Different Types of Traumatic Events and Trauma
PTSD was first called “shell shock” and was identified in soldiers that were fighting during World War 1. For years, veterans, their families, and their loved ones recognized the emotional toll that combat can cause. This is what is often called a “big T” trauma. We recognize today that war, childhood abuse, sexual assault, domestic violence, violent crime, accidents, terrorism, etc are traumatic events. There are also what are referred to as “little t” traumas. As I recounted to a client – and this is not original I heard it at a Trauma Informed Care Convention – a sword will kill you if you are stabbed with it but if you are stabbed with enough toothpicks you can die from that too.
Little t traumas can impact us as much as big T traumas, much depends on our own individual experiences, sensitivity levels, and other factors such as adverse childhood experiences.
If It Traumatizes You, It Is Trauma
While some people beat themselves up thinking that those that experience certain traumas “have a right” to be traumatized while others don’t, I believe that if it causes you trauma it is a traumatic event. For example, some people might experience a serious car accident and have no last emotional effects. Someone else in the car might have PTSD due to the same car accident. Neither is “wrong” or “right” they are simply reacting. We cannot choose to not be traumatized by an event.
“Exposure to traumatic experiences has always been a part of the human condition. Attacks by saber tooth tigers or twenty-first century terrorists have likely led to similar psychological responses in survivors of such violence.” – Matthew J. Friedman, MD, PhD,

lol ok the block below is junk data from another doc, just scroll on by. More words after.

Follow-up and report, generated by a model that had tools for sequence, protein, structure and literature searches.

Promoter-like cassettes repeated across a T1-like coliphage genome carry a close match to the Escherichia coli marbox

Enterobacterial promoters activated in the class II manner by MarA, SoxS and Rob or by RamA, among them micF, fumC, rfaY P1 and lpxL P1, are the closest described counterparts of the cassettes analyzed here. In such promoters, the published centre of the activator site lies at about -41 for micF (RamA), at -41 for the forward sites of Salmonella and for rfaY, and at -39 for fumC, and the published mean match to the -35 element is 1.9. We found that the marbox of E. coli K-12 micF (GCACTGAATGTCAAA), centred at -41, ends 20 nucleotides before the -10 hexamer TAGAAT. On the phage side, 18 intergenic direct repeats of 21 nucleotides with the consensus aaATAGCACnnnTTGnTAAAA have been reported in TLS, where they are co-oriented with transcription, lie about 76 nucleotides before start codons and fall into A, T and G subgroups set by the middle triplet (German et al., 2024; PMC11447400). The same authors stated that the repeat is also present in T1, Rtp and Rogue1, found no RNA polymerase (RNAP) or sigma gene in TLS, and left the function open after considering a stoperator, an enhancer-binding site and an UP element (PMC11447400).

National Center for PTSD
EMDR Is One of The Most Effective Treatments
EMDR works by engaging both sides of the brain at the same time.  Most of us are familiar with terms like “right brain” and “left brain.” Each hemisphere of the human brain handles different tasks. As you can see in the graphic above, the left brain is more rational and analytical. The right brain is more creative and emotional.
The theory on how the brain processes trauma is this: it does not effectively process trauma.
You have also likely heard of the “fight or flight” response to threats. If a person is threatened we react in one of three ways, fight, flight, or freeze. When the brain experiences trauma, it effects several parts of the brain including the amygdala, which is responsible for this fight/flight/freeze response . Another part of the brain, the hippocampus, helps the amygdala to file the memories away where they belong. [ 2 ] In the case of PTSD, traumatic memories are essentially “misfiled” and that is why people will re-experience traumatic events like they are watching a film play out.
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Stacey Aldridge, LCSW
Stacey is a therapist in private practice and the owner of Inspired Happiness Therapy and Wellness in Ridgeland, MS. She is trained in EMDR Basic. If you are in the state of Mississippi and are interested in seeing Stacey for therapy, please visit the Appointments page.